Cornell researchers have advice for vineyard managers in cool and humid climates like the Northeast: cover up.
Maintaining bare soil beneath vines has long been accepted management practice to stifle competition from other vegetation, preserving water and nutrients to optimize grape growth. Exposing soil beneath trellises has been achieved by using extensive herbicide treatments, a practice that is expensive and potentially damaging to the surrounding vineyard ecosystem and locations downstream due to runoff.
Excessive vine growth can result as a function of the lack of competition for water and nutrients, requiring costly canopy management practices in the vineyard to maintain fruit quality.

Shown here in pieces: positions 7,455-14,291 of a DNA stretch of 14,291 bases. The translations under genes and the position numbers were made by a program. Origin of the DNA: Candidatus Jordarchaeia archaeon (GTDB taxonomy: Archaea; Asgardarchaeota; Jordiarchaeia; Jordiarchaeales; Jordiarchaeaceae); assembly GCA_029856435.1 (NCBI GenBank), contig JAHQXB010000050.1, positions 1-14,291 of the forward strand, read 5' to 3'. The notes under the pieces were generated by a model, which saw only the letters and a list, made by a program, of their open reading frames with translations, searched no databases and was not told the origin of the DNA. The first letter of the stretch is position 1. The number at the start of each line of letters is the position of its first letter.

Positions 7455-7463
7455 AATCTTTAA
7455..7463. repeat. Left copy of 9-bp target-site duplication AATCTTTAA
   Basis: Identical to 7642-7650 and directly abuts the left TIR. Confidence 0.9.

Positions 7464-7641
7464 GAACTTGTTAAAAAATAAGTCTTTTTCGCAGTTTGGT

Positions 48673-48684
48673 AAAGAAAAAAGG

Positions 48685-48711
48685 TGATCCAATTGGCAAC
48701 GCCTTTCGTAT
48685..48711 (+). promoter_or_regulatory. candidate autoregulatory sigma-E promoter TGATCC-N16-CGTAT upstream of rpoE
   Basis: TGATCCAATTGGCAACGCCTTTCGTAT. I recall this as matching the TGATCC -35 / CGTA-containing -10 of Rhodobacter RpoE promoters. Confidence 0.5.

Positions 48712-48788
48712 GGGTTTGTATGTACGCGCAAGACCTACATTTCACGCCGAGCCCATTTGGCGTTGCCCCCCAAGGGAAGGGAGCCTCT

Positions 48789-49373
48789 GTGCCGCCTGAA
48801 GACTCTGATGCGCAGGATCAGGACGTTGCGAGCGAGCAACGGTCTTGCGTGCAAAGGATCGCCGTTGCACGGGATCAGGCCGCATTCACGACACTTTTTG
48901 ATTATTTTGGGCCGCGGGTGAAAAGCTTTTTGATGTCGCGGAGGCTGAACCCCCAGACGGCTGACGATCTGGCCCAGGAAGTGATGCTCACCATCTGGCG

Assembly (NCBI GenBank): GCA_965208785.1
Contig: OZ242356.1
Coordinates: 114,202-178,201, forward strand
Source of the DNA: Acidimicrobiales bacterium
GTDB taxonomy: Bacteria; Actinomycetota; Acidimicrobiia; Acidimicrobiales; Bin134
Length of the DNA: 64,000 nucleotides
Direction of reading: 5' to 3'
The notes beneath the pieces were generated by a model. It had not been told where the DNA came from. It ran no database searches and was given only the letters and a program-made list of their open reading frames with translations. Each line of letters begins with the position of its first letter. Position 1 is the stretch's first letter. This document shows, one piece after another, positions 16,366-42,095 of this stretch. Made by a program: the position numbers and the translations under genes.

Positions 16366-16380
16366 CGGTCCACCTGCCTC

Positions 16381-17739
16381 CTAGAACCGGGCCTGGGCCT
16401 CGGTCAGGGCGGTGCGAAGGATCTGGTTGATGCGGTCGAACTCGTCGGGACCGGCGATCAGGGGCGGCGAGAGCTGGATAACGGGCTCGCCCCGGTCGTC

Planting cover crops under grapevines instead can remediate these problems, according to researchers at Cornell’s New York State Agricultural Experiment Station in Geneva, New York. A series of studies led by Justine Vanden Heuvel, associate professor in the Horticulture Section of the School of Integrative Plant Science, provides vineyard managers with an environmentally sustainable alternative to herbicide treatments in cool and humid climates while tamping down the cost associated with unnecessary herbicide use.